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The latest lawsuit and sharpening rhetoric will fuel fears on Wall Street that Apple might drop Qualcomm’s modem chips from the next iPhone, as relations between the two companies continue to deteriorate.
Since the beginning of the year, the two companies have become embroiled in multiplying legal fights. Apple accuses Qualcomm of overcharging for its intellectual property and of anti-competitive behaviour. The chipmaker says Apple could not have invented the iPhone without its innovations and, in July, began seeking an import ban against the smartphone in several key markets amid alleged patent infringement.
Wednesday morning brought Apple’s latest response to July’s lawsuit, accusing Qualcomm of infringing on its own battery management patents. Apple says Qualcomm incorporated its power-efficiency inventions into its flagship Snapdragon 800 and 820 processors, which power many leading Android smartphones, including Samsung’s Galaxy S7.
Defending itself against the accusations of patent infringement, Apple’s legal team says the San Diego-based chipmaker has asserted “weak patents that nibble at the edges of the smartphone platform and cover concepts that Apple simply does not use”.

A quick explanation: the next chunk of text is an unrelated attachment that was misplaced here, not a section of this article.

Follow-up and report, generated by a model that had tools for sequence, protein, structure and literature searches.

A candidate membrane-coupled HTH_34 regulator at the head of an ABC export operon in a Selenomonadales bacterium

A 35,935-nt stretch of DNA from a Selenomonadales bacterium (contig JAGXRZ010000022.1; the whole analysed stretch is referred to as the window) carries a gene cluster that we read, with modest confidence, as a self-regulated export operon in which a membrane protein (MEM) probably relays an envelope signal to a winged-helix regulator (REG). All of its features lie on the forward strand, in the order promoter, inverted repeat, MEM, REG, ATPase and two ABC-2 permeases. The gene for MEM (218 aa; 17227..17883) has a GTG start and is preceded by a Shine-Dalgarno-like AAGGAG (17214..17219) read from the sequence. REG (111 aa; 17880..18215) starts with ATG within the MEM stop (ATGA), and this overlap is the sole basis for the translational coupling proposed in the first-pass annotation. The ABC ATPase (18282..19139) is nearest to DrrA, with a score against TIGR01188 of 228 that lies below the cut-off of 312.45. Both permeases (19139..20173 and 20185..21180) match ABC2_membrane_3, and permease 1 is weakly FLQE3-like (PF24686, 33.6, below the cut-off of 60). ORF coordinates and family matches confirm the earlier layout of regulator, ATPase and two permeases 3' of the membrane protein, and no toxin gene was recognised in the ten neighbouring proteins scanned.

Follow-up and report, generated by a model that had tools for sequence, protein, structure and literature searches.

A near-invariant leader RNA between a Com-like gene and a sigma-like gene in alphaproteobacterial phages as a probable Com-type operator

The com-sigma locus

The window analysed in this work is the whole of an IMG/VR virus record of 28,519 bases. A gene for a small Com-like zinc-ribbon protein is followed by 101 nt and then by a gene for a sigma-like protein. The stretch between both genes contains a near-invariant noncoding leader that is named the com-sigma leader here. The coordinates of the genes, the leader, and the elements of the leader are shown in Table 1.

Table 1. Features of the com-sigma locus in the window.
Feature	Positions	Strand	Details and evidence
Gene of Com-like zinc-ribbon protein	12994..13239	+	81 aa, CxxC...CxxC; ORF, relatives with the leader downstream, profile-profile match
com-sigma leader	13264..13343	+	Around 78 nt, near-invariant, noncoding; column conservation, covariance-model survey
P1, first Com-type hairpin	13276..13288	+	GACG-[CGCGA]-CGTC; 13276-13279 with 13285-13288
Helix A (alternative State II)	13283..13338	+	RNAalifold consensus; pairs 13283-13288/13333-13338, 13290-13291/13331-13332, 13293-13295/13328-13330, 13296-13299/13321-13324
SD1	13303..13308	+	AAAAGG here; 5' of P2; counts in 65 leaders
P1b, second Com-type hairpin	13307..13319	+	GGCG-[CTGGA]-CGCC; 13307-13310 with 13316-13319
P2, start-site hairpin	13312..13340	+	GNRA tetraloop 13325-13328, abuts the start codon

The iPhone maker’s accusation that Qualcomm is behaving like a patent troll — a company that hoards intellectual property without making any real products, generating most of its money from lawsuits — marks a new low in the pair’s relationship.
“This case presents a tale of two companies,” Apple writes in Wednesday’s legal filings. “On one hand we have Apple who literally created the modern smartphone as a product category, with the iPhone’s cutting edge design, easy connectivity, superlative battery life, and interactive applications that make the smartphone the smartphone. On the other we have Qualcomm, who developed rudimentary telephone technology that carried voice calls in the early days of feature phones, but whose technology is dated.”
Apple did not specify the scale of the damages it is seeking over the power-management patent infringement. Qualcomm’s share price has declined sharply since hostilities first broke out with Apple, one of its largest customers, in January.
The stock’s weakness opened the door to an unsolicited $130bn takeover approach from rival chipmaker Broadcom, which Qualcomm’s board has rebuffed as being too low. Broadcom is expected to turn hostile with its approach in the coming weeks, as it prepares to launch a proxy battle against Qualcomm.
Qualcomm did not immediately respond to a request for comment.